On May 31st, 2017 Pangaea Ventures hosted its third Advanced Materials Commercialization Summit. The summit was attended by entrepreneurs representing some of the world’s most innovative, leading edge start-ups along with senior thought leaders from dozens of the world’s largest chemical and materials companies. Discussions focused on mission critical topics around advanced materials commercialization.
In December 2015, Dow and DuPont set off the greatest wave of consolidation ever seen in the agricultural chemistry and agricultural biology sector. Two years later, the two have become DowDuPont: the largest chemical company in the world. But in-between, the entire ag-chem-bio industry has been mired in uncertainty with a focus on demonstrating synergy, at the expense of innovation.
What has been the fastest growing category within the asset management market over the last few years? Quantitative or AI-driven strategies would be a good guess but you can feel warm and cozy that, in fact, impact investing has actually led the way. Impact investments are made with the intention of generating social and environmental returns alongside financial returns. Compared to global debt and equity markets in the range of $200 trillion (BNY Mellon, 2016), the size of impact -related assets is probably three orders of magnitude smaller, depending on how and who is counting. Nevertheless, in the 2017 Annual Impact Investor Survey prepared by the Global Impact Investing Network (GIIN), surveyed managers expected to increase dollars invested by 17% in 2017 versus 2016.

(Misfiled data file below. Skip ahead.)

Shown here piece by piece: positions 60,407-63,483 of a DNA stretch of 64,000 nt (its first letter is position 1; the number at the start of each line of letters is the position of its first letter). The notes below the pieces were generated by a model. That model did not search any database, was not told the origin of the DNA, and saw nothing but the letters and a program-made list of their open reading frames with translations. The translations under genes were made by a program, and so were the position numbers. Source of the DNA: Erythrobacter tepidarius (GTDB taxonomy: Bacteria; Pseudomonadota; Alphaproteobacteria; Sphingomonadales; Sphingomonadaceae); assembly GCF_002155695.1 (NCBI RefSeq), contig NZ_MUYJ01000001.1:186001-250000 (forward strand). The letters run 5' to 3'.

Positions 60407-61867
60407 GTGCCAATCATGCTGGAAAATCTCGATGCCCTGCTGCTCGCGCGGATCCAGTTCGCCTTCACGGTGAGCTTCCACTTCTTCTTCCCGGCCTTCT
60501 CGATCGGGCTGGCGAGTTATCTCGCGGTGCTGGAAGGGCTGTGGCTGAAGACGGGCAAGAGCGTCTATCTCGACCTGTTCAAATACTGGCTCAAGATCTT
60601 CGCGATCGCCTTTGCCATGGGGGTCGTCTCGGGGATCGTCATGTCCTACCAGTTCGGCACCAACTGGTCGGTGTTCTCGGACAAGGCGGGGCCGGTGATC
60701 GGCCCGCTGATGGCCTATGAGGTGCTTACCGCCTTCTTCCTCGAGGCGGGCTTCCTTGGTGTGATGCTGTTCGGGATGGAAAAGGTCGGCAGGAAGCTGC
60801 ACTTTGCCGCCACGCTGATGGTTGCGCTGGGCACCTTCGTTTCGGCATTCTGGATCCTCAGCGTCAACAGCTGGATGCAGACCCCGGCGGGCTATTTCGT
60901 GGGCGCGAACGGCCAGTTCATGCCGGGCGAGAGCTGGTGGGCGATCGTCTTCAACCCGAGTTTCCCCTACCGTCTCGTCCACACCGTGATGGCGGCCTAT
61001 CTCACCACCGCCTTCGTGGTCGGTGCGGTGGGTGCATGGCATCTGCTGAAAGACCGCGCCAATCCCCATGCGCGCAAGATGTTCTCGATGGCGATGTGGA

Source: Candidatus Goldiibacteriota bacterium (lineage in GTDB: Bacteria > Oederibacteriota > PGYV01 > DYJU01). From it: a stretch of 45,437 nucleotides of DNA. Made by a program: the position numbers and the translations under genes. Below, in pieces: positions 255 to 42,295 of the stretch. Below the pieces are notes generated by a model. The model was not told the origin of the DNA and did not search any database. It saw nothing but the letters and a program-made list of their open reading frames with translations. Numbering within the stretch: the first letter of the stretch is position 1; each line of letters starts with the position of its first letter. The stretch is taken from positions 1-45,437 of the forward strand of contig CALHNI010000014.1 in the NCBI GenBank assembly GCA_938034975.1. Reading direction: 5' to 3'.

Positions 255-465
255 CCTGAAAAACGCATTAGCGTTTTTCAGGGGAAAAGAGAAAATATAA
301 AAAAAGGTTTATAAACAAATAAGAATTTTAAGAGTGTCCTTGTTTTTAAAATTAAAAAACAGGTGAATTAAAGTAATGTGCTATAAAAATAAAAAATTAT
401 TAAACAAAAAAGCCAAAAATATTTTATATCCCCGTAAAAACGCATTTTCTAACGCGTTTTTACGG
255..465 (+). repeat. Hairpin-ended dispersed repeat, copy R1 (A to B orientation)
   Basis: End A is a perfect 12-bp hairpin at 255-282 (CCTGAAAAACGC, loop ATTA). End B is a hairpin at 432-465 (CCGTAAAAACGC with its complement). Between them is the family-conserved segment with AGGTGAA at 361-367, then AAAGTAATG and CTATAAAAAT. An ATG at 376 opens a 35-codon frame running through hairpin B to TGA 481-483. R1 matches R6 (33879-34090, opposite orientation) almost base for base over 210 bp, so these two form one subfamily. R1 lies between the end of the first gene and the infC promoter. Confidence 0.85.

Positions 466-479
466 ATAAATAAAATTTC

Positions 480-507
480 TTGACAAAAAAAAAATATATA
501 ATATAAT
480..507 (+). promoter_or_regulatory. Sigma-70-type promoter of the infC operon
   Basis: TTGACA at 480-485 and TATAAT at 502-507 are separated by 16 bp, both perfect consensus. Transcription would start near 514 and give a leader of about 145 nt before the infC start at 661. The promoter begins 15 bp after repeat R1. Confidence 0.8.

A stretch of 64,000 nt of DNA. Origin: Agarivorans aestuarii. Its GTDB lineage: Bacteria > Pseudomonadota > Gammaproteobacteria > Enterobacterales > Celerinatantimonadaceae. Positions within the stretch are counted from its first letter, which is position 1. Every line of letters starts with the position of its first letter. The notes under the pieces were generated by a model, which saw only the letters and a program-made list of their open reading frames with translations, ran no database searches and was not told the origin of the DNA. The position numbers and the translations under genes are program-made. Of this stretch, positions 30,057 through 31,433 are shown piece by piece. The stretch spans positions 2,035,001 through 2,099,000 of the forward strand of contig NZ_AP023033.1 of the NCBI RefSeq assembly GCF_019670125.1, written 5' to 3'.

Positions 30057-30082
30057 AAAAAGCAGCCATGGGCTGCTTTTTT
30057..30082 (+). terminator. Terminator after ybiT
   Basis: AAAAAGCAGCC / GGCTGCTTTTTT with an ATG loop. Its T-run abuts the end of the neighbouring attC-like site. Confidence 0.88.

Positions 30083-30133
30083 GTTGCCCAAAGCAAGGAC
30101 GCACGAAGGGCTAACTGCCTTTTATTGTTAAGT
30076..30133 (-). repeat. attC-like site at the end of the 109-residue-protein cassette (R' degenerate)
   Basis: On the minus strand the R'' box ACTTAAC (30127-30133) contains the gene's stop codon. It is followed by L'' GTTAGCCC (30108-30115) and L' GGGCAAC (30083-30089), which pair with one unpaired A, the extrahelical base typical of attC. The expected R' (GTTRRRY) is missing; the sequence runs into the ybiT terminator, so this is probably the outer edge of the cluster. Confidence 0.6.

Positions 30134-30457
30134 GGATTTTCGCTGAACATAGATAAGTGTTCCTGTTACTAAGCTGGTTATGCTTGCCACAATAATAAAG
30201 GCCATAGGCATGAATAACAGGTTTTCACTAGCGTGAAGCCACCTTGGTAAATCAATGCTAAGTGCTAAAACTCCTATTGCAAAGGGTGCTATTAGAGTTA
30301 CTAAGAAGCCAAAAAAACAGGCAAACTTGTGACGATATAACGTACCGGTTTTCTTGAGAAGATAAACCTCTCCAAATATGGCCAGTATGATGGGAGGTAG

A new process uses bacteria that eat methane gas to make food.
According to Fundable1, fewer than 1 in 100 startups are funded by angel investors. Funding from venture capitalists is even rarer at about 1 in 2,000 (0.05%) companies. For a firm that prides itself in proactively finding advanced materials investment opportunities (as described here by Pangaea GP Keith Gillard), that means we’re screening a lot of companies that we don’t end up investing in. By the numbers, many of these companies often don’t end up raising outside investment from other VCs or angels either...
There are few career paths I can think of that are more challenging than trying to launch a new venture whose success is centered around the development and subsequent roll-out of a new technology. We have countless success stories to point to, and entrepreneurs who are revered, almost worshipped, … but what is often left out is truly how long it took, and how much money (including academic research dollars, grants, and private capital) was required to get there.